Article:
Jump up ^ James, Paul; Magee, Liam; Scerri, Andy; Steger, Manfred B. (2015). Urban Sustainability in Theory and Practice:. London: Routledge.; Liam Magee; Andy Scerri; Paul James; Jaes A. Thom; Lin Padgham; Sarah Hickmott; Hepu Deng; Felicity Cahill (2013). "Reframing social sustainability reporting: Towards an engaged approach". Environment, Development and Sustainability. Springer.
Geothermal energy - Just under the earth's crust are massive amounts of thermal energy, which originates from both the original formation of the planet and the radioactive decay of minerals. Geothermal energy in the form of hot springs has been used by humans for millennia for bathing, and now it's being used to generate electricity. In North America alone, there's enough energy stored underground to produce 10 times as much electricity as coal currently does.
Modern turbines usually have a small onboard crane for hoisting maintenance tools and minor components. However, large heavy components like generator, gearbox, blades and so on are rarely replaced and a heavy lift external crane is needed in those cases. If the turbine has a difficult access road, a containerized crane can be lifted up by the internal crane to provide heavier lifting.[68]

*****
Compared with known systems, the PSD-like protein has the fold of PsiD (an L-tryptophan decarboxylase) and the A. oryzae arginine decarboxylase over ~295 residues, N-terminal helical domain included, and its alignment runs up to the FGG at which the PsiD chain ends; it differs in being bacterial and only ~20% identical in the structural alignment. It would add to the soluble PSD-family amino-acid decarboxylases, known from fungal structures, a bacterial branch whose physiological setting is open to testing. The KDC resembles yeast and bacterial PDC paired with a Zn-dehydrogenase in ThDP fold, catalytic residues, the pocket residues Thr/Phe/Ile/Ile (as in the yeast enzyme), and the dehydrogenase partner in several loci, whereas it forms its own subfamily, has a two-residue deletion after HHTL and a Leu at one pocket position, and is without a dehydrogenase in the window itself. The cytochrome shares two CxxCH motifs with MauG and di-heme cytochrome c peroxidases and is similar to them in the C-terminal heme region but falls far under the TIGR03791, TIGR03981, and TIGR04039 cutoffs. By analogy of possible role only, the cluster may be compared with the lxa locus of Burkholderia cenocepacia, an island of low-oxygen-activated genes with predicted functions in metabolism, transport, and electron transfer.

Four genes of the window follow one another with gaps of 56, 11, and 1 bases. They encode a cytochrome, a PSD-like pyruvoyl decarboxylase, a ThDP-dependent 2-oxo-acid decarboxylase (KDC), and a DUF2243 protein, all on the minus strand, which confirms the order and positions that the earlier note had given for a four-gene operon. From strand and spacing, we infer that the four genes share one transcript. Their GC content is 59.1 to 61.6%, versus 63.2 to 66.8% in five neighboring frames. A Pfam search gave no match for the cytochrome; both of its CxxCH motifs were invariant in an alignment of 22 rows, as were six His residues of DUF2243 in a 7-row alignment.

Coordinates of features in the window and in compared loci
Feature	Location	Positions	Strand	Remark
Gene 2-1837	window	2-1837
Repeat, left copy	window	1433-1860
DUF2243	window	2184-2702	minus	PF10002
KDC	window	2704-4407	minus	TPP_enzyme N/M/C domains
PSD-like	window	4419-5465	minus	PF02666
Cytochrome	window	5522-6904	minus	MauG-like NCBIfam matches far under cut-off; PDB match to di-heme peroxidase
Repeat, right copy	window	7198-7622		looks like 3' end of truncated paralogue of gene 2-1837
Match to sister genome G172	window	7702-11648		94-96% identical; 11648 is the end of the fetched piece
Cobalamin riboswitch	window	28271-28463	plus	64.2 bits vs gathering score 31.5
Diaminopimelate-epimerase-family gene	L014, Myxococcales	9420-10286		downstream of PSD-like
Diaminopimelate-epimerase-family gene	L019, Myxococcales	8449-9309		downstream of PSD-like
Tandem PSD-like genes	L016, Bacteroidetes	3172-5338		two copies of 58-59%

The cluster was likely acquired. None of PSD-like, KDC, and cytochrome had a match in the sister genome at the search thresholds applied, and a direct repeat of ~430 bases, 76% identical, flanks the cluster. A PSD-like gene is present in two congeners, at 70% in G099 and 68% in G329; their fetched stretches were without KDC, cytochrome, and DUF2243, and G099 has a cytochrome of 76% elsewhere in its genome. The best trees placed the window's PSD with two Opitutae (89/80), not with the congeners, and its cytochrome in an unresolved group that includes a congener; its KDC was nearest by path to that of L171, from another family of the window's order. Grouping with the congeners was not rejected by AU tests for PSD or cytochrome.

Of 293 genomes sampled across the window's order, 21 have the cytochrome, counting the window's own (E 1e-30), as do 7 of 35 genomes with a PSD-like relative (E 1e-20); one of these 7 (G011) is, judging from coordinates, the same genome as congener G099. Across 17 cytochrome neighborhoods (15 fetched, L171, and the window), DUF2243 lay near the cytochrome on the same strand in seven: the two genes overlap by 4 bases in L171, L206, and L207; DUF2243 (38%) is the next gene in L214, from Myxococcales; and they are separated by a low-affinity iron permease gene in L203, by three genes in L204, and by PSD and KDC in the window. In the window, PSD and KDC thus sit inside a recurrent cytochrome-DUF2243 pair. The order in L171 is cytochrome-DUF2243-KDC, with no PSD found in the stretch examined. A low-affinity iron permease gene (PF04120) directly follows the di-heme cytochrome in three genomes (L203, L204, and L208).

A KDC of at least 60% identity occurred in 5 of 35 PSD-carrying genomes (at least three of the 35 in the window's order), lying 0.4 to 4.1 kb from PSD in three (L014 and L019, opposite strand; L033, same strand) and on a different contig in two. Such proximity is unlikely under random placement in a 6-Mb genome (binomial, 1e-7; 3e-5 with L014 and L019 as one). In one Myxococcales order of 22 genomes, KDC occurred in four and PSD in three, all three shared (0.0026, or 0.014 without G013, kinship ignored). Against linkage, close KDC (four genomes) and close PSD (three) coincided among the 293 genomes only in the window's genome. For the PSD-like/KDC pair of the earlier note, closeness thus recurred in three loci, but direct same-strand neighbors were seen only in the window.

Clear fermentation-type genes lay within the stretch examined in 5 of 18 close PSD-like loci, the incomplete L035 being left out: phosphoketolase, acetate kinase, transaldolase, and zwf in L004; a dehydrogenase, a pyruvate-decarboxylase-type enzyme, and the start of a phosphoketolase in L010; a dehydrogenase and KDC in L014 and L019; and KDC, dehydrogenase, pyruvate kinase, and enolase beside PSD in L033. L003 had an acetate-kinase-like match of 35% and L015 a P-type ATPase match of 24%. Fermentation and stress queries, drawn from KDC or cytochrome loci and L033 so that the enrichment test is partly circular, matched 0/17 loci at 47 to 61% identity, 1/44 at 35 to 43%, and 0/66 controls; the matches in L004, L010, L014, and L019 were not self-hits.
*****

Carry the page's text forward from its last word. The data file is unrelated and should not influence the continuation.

The British Energy Savings Trust report titled “Location, location, location”: This requires some reading-between-the-lines as the Trust is rather closely aligned with the small wind industry. They looked at 57 turbines for a year, a number of them building mounted, others tower mounted, and concluded that building mounted turbines did very poorly.
Julia Pyper is a Senior Editor at Greentech Media covering clean energy policy, the solar industry, grid edge technologies and electric mobility. She previously reported for E&E Publishing, and has covered clean energy and climate change issues across the U.S. and abroad, including in Haiti, Israel and the Maldives. Julia holds degrees from McGill and Columbia Universities. Find her on Twitter @JMPyper.
Solar power - The most prevalent type of renewable energy, solar power is typically produced using photovoltaic cells, which capture sunlight and turn it into electricity. Solar energy is also used to heat buildings and water, provide natural lighting and cook food. Solar technologies have become inexpensive enough to power everything from small hand-held gadgets to entire neighborhoods.